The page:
“I thought I had a pretty good handle until I rode the buses,” Reiman says of Cobden. “It was very eye-opening, and it was something that, man, I think all of our teachers need just to do.”
The school wasn’t able to bus meals to students over the summer, instead offering a hot lunch on campus and in a nearby town. The effort resumed when school started virtually in the fall.
Then, when school returned for four days a week midway through the fall, only about 70% of the students came back for in-person learning. The downstate district briefly put classes online for all students around Thanksgiving, when COVID-19 cases increased.
So bringing meals to students has continued. An aide drives the school van four days a week to drop off remote students’ lunches. On Wednesdays, when all students are learning from home, the district runs a bus route to deliver meals to students who signed up.
At Stanfield, about 25% of the Arizona district’s 72 staff members live in the community, according to Supt. Melissa Sadorf, whose K-8 district includes parts of the Tohono O’odham Nation Reservation.
“The rest do commute,” Sadorf says. “That definitely plays into not knowing all of the community in an in-depth way.”
Sixty-five percent of the families in the district are Hispanic. The next highest demographic is Native American at 20%. The teaching staff is 28% Hispanic, 12% Native American, 28% white, 16% Black and 16% Asian American.
Many of the commuting teachers volunteered to deliver food over the district’s 600 square miles beginning in mid-March. Because of the high number of students qualifying for free or reduced-price lunch, all students at the school eat free.
Before mid-March, the school was feeding 375 students. After the school closed, the number rose to about 425 area children a day.
“I didn’t realize the depth and the breadth of need in terms of food until we started this program and started seeing the numbers of people that were showing up to get food,” Sadorf says. “If we hadn’t stepped in ... there are a lot of people that would have been hungry, a lot of kids that would have gone hungry.”
This fall, the district offered meals for pickup for students who are learning online. About 75 children also had meals and a place to learn at school early in the school year, before face-to-face learning began.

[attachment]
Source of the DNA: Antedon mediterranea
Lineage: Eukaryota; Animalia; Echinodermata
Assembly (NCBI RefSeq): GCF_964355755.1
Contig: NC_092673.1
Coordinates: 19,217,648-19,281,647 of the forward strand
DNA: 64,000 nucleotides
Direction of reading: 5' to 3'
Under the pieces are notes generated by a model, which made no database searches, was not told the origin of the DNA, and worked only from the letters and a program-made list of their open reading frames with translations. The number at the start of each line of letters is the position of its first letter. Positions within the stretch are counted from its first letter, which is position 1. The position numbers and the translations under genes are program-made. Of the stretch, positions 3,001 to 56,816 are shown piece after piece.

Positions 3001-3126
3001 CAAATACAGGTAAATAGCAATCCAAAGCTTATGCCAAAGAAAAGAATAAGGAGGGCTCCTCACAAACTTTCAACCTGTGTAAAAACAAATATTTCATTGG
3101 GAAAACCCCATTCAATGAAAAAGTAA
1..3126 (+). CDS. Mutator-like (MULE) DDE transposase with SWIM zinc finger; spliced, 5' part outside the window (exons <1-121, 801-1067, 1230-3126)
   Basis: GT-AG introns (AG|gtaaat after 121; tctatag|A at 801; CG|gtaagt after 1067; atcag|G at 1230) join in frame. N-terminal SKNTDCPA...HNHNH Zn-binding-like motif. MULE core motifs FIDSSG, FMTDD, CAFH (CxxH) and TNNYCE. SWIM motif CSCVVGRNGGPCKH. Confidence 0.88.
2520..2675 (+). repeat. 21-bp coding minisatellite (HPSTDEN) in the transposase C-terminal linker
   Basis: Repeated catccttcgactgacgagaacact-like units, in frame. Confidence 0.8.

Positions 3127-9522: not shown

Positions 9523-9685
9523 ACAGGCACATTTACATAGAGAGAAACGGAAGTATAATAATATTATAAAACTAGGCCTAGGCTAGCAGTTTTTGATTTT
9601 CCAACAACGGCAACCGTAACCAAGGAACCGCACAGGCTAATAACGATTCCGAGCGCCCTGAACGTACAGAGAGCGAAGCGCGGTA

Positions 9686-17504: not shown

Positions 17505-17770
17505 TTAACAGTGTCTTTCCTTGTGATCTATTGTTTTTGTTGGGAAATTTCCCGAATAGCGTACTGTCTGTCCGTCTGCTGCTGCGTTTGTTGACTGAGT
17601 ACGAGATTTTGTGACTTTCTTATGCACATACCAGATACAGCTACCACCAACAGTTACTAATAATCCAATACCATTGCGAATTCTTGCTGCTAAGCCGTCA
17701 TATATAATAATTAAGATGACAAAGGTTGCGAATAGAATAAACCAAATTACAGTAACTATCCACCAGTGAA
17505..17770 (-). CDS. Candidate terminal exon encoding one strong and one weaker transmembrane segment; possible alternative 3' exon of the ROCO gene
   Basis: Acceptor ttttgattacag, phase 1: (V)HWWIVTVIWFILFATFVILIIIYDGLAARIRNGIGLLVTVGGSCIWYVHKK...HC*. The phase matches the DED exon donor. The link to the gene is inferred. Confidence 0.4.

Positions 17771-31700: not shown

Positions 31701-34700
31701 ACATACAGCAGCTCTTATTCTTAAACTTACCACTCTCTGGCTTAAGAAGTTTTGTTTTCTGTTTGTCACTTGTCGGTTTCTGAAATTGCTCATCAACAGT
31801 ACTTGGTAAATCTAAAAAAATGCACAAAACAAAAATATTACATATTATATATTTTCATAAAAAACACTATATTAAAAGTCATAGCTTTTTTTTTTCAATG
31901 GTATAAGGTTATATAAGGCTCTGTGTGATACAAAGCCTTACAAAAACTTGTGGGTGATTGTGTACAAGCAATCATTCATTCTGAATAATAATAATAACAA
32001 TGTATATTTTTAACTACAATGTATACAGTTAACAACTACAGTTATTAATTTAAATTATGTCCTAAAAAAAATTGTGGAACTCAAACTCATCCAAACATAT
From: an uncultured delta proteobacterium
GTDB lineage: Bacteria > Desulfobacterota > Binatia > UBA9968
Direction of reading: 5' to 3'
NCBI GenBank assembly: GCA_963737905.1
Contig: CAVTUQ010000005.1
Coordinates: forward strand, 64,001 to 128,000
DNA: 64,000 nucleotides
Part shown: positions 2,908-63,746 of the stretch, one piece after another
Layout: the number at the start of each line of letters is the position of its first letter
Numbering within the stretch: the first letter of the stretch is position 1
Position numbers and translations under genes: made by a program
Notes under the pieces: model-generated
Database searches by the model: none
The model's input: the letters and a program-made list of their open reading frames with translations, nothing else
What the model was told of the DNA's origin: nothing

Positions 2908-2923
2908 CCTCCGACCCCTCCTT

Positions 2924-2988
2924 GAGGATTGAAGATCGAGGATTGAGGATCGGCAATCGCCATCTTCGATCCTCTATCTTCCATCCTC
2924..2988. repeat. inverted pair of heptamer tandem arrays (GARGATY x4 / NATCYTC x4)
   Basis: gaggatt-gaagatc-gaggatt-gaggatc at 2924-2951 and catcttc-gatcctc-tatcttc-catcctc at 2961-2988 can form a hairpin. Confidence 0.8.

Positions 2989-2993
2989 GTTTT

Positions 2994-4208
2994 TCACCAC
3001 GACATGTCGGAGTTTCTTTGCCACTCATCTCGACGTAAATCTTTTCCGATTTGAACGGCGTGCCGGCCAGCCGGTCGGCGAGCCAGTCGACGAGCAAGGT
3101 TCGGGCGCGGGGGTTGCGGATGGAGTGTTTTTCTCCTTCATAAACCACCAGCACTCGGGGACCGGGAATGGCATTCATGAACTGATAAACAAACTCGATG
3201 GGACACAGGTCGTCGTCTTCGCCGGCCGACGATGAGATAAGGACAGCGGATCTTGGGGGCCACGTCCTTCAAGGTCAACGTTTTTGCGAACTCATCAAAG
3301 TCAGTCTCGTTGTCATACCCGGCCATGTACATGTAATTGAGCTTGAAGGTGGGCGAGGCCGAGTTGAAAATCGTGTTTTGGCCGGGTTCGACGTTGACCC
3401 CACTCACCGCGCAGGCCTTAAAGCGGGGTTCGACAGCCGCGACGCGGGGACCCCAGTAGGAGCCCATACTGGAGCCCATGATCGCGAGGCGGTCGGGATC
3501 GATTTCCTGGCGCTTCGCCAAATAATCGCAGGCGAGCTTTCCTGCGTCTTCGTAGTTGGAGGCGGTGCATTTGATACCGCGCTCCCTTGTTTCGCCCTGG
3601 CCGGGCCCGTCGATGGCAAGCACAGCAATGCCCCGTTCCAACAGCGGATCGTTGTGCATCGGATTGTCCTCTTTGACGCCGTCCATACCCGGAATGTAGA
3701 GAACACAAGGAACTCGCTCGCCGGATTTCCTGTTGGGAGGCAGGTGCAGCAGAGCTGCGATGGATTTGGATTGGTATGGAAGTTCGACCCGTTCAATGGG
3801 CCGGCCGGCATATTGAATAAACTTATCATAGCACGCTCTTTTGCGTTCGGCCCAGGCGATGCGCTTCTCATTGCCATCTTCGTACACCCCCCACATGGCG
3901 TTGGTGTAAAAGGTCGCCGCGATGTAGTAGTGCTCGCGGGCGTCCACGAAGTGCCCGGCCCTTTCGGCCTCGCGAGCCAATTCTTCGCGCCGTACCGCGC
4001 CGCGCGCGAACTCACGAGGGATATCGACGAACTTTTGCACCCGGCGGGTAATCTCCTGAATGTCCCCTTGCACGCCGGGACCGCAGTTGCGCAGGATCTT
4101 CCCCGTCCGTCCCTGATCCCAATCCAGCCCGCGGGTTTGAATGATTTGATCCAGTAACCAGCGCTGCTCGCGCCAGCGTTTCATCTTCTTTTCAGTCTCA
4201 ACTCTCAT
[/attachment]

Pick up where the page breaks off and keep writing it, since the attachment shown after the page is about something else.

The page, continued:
People who have lived in the area for much of their lives, like Garland, weren’t aware of how some of their neighbors were living. Garland, who is one of seven children, was born in Southern California. When she was 3, her parents moved the family to Stanfield. She attended Stanfield from kindergarten through eighth grade.
Both of her parents took jobs with the Stanfield School District; her father in the transportation department and her mother as a teacher’s aide. Neither graduated from high school, but both were inspired to get their GEDs.
Even though her parents drove the school bus at one point, Garland never saw the reservation till last spring. And the length of some of the bus routes surprised her.
“That made you stop and realize that little kids, especially the small ones, would have to get up so early in the morning to be able to catch the bus to be able to get to school,” Garland says.
It became clear why some of her Native American students didn’t stay late for tutoring or came to school with homework not done.
“If they stay till 5 o’clock for our innovation programs and it ... might be 6, 7 o’clock before they got home,” Garland says.
Another part of the district that stuck with her was a mobile home park where multiple families shared a single trailer, making it hard for find quiet space to do homework or have uninterrupted sleep, Garland says.
Stanfield second-grade teacher Stephonie Martin was another teacher riding the buses out to the Tohono O’odham Nation during the school year. Martin moved with her three daughters from Jamaica three years ago to teach at the school. She commutes from outside the district.
Last spring was the first time she saw how some of her students were living.
In her classroom, Martin has stocked warm clothing for her 20 students. In the past, she kept only four jackets for kids to use on cold days.
Sadorf says she plans to continue using bus rides as part of the staff’s professional development.
For Martin, the rides made a lasting difference. “I understand so much more my role as a teacher in this community,” she says.
Reporting for this article was supported by a Spencer Fellowship in Education Reporting at Columbia University’s Journalism School.